Famous last words…

When Sheikh Sharif offers Irene Taylor more money as chaperone to his sister than she’s ever made before, she can’t refuse—finally she’ll safeguard her family. Irene may be innocent, but she knows the trail of destruction playboys like Sharif leave behind, and will resist his skilled seduction….

Sharif excels at everything he does—especially in the bedroom! His engagement hasn’t yet been announced and he’ll enjoy his freedom until then. Starting with the beguiling Irene—she’s the ideal final challenge before he embarks on a life of duty.

But sometimes even the plans of a sheikh go awry!

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5 Responses to Behind the Setting of The Sheikh’s Last Seduction

  1. julia james says:

    Dubai is amazing, isn’t it?!

    I had a short break there a few years ago. We were really lucky to stay at the Atlantis Hotel on Palm island – the kids adored the water park there! I’m really tempted to get that fantastic setting into a Secret Baby story some day!!! :)

    I do envy you having tea at the Burj Al Arab – we never quite got there, and I know it was the only way to be allowed into that stunning hotel, by reserving for a meal. The kids went Segwaying nearby (I wisely declined – no balance at all ha ha!)

    We crossed the creek in an old wooden abbra, the traditional passenger ferry, to visit the gold and spice malls on the far side. Also amazing (especially the heady scent of the spice)(and the glitter of the gold!)

    Did you manage to go dune bashing? I could easily see a dashing Sheikh terrifying his heroine with mad climbs up and down the dunes in a revving SUV to impress her!!!

    If I’m ever lucky enough to go to the Gulf again, I’d definitely love to visit Oman – I think that’s the place to get a real flavour of ‘Old Arabia':)

    I definitely agree it’s a truly fascinating part of the world.

    We’re both lucky to have seen a glimpse of it!

    Cheers, Julia :)

  2. Julia, I loved hearing about your visit to Dubai! I’m jealous you got to visit Atlantis on Palm Island. I saw that hotel on the Amazing Race (tv show) and it looked incredible.

    And sadly, we never did any dune bashing either. You did all the things I missed (the wooden ships, the gold market). Those were all on my wish list, but I was only in the UAE for a week, and we decided that relaxing on the beach drinking pina coladas for our last 2 days was the top priority – hehe.

    Looking back, I don’t have any regrets about that either. Sitting on the beach, watching the yachts float by, turning my face to the burning sun in the wide blue sky, cooling off swimming in warm water of the Persian Gulf – I never in a million years imagined I’d experience all that.

    My heroine Irene has a scene where she’s floating on her back in the Persian Gulf, staring up at starlit sky, and it was directly inspired by how much I loved that day. (Except there was no sheikh kissing me.)

    Unlike in Europe, I met almost no American tourists in the UAE. That was the weirdest thing. Brits, Germans, Russians, Chinese – yes. But I rarely heard an American voice anywhere, not the malls, not the hotels. That surprised me. So I guess it’s officially the most exotic place I’ve ever been.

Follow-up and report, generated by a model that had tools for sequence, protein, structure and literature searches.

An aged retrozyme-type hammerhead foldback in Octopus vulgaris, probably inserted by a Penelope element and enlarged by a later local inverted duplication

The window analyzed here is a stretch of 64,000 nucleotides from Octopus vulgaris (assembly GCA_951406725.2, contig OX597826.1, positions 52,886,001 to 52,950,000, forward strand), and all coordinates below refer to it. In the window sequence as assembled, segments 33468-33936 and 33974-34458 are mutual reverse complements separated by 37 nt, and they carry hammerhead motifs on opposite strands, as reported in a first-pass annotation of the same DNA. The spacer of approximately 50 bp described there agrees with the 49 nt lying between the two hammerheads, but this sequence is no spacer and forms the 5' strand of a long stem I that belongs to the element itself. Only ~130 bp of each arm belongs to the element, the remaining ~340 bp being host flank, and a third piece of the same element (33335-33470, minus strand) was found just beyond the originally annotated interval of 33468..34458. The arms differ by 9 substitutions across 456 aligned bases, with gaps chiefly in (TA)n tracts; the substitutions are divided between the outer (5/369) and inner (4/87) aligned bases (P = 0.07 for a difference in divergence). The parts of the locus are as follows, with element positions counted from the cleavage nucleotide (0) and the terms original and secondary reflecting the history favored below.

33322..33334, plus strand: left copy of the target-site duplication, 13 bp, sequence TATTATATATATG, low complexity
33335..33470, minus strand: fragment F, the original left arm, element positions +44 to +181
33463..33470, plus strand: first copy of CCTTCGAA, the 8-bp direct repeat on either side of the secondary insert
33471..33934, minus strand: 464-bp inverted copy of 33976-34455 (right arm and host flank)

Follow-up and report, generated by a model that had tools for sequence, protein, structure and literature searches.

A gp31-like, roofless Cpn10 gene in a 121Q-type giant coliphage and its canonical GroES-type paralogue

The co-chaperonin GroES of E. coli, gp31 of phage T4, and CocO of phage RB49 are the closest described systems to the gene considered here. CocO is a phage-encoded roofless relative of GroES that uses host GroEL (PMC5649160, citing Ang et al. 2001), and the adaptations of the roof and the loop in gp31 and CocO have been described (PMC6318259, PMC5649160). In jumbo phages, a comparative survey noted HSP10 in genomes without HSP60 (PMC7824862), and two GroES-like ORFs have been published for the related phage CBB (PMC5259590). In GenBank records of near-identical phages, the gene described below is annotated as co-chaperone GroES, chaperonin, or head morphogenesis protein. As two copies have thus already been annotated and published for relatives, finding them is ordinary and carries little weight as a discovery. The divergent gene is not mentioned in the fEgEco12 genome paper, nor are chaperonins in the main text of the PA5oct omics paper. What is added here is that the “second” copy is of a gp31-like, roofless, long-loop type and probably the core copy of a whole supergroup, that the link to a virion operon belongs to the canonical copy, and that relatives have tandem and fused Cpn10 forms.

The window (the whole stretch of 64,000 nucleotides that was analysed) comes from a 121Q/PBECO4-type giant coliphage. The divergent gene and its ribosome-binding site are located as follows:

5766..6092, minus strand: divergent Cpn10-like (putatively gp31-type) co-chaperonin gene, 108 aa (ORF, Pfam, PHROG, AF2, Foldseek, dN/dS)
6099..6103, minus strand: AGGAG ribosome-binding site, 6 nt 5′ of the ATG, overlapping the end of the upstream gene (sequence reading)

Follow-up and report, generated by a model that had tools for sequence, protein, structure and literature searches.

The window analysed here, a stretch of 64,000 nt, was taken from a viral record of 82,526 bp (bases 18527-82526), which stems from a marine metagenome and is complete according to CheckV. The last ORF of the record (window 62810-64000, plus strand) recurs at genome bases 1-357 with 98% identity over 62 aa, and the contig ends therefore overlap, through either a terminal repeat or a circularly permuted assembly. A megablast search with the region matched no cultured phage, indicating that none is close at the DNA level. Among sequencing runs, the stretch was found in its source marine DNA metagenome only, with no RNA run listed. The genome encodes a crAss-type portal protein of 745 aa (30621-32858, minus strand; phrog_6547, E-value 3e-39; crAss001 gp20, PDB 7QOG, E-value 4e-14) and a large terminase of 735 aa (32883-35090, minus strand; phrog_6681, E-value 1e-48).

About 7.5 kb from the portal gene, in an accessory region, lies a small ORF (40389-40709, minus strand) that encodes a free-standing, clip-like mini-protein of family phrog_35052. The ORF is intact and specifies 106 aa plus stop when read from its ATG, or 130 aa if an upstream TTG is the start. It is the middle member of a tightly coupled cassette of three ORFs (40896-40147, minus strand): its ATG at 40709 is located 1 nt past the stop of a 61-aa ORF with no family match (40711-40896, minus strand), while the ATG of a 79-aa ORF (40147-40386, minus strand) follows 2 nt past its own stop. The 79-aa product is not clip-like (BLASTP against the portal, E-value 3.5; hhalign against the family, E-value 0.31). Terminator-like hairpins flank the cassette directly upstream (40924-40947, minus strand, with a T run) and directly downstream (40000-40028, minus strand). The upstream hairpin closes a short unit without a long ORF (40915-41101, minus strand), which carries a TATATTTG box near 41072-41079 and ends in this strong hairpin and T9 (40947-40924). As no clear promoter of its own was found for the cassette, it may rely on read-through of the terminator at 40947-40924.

Hugs-
    Jennie

  3. julia james says:

    Jennie, I don’t blame you at all for opting for the beach! If I have one regret it was that I didn’t do enough of that….

    Also, you got to Abu Dhabi, which we didn’t :)

    As you say, a week is hardly enough time to see all that can be seen – one thing I would really, really love to do (apart from visit Oman)(because I do think, from all the tourist information on the country, that it seems to have most of the historic sites and maedival remains, and old-style towns and buildings, of which more modern places like Dubai not suprisingly have far fewer)…is to take one of those excursions where you actually spend a night out in the desert in a (luxury!) Bedouin tent, and can star gaze to one’s heart’s content. (I most definitely think that any Sheikh worth the name of romance hero would be whisking his heroine off for such a desert interlude!!).

    It’s interesting what you said about so few American tourists in Dubai. It was something we noticed as well. As you say, loads of just about everyone else, just very few Americans. It was a real ‘East-meets-West’ sort of place, half way between Europe and the Orient. For us, here in the UK, it’s a very popular stopover en route to places like Thailand or Australia, but I can see that for Americans (especially west coast ones like yourself!) it’s a far more ‘remote’ sort of place to get to. Dubai is a great place, for us Brits, for some winter sun, as the flight time is only five hours, and when we went in February (school half term break here in the UK) it’s their ‘cool’ time, which, for us, is boiling hot summer :) (It’s something I just can’t imagine, Gulf summer temperatures up in the 40’s – which I think is about 110/120 F for you guys!)(surely even a Sheikh must wilt in that heat!!)

    Cheers again, Julia :)

  4. Hi Jennie,
    Wow! Your trip sounds amazing. I’ve never been to the Middle East, well, other than quick refuelling stops.
    Thanks for sharing it with us. xx

  5. Wow, Julia… that’s crazy to think of Dubai being only 5 hours away from you. To me it is the other side of the world. With connecting flights, it took me 18 hours to fly there. For me, 5 hours would be… hmm. Cabo San Lucas, Mexico. Or Anchorage, Alaska maybe. Just a hop, skip and jump.

    You’re so right about the heat in the UAE – and even worse than the heat was the humidity! I live near the high desert so thought I could deal with 100 degrees, no problem. But when I landed in Dubai I swiftly realized how different the heat was. NOT a dry heat like I’m accustomed to. How could a desert land be as humid as a swamp? The first few days, it was painful to leave the air conditioning. And this was November! Fortunately it cooled down to more comfortable by the end of my trip.

    Melanie – quick refueling stops definitely count! If you’ve been there, you’ve been there. Airports COUNT! (Or even just being in the same airspace – you notice I was quick to point out Russia, Iran and the North Pole )